Deborah Schrag, MD
Stuart A. Grossman, MD
Formal discussant of this trial Stuart A. Grossman, MD, of the Sidney Kimmel Comprehensive Cancer Center at Johns Hopkins University, Baltimore, commented that the trial did not include a best standard-of-care arm. The pivotal trial defined optimal radiotherapy as 60 Gy over 6 weeks, but this study used a 50% reduction in radiation fraction, as well as a 50% reduction in the administered dose of temozolomide. “This leaves us with concern of possible undertreatment,” Dr. Grossman remarked.
“There is a hidden pearl in this study. MGMT (O6-methylguanine-methyltransferase) methylation status is critically important in determining which treatment to offer patients. It is clear that if an elderly patient’s tumor is methylated, emphasis should be placed on temozolomide,” he stated.
He also said that the definition “elderly” is “soft.” Fit patients over the age of 70 can benefit from the same treatment as patients younger than age 70.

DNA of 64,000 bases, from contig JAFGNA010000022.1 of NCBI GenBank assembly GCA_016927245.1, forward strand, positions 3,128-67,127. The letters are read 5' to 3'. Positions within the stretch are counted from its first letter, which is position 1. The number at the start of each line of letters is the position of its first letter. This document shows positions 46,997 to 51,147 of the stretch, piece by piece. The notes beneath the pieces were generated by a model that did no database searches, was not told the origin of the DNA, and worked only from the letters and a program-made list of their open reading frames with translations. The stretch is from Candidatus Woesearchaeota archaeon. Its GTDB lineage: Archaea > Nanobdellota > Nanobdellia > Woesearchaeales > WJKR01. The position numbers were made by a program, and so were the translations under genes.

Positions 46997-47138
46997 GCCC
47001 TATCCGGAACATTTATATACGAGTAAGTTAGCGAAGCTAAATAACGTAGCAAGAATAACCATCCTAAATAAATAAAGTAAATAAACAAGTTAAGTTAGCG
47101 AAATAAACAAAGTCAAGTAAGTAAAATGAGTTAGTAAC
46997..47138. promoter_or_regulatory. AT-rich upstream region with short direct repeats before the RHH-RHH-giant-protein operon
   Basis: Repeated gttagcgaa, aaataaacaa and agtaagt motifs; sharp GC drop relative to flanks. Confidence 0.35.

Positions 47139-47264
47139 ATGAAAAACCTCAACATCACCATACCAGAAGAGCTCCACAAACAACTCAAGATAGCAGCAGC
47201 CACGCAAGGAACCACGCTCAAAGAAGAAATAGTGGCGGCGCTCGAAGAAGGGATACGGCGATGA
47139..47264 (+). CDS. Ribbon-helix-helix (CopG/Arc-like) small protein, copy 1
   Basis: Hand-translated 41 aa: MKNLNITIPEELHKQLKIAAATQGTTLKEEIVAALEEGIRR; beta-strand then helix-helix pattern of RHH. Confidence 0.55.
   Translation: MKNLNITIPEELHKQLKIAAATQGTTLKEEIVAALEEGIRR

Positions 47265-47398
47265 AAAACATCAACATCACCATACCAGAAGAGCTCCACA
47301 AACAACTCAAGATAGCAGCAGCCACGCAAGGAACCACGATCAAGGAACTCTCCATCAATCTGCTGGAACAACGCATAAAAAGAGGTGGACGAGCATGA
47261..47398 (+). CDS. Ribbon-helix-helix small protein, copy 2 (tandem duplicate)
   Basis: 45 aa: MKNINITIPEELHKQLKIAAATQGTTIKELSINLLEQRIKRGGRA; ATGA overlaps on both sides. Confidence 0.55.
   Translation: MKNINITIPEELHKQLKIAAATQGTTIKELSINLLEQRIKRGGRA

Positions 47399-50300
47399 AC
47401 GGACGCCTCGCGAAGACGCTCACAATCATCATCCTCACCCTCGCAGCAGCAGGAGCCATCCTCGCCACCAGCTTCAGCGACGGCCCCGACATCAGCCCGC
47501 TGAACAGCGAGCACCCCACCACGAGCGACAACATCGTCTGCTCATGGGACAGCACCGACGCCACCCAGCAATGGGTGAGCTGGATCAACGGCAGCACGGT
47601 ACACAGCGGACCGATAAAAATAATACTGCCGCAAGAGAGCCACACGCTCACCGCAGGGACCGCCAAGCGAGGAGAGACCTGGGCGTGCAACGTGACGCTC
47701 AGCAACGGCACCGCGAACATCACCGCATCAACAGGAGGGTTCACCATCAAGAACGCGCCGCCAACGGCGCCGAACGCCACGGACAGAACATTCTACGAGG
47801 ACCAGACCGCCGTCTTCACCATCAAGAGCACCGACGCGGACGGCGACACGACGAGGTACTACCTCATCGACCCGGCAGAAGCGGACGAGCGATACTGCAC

Value of Care
The final speaker at the plenary session, Deborah Schrag, MD, of the Dana-Farber Cancer Institute, Boston, discussed the value of radiotherapy and temozolomide. From a health-system perspective, she deemed temozolomide for the treatment of glioblastoma as moderate value, based on ASCO and the European Society for Medical Oncology value frameworks. In the absence of a specific mutation (MGMT promoter methylation), temozolomide is of low value, she noted. However, generic temozolomide is also available, and in a high-income country such as the United States, the treatment is likely to be used, she added. ■
Disclosure: Drs. Grossman and Schrag reported no potential conflicts of interest.
The combination of short-course radiotherapy and temozolomide followed by maintenance with temozolomide significantly improved survival compared with short-course radiotherapy alone in newly diagnosed elderly patients with glioblastoma, according to the results of a global cooperative group trial...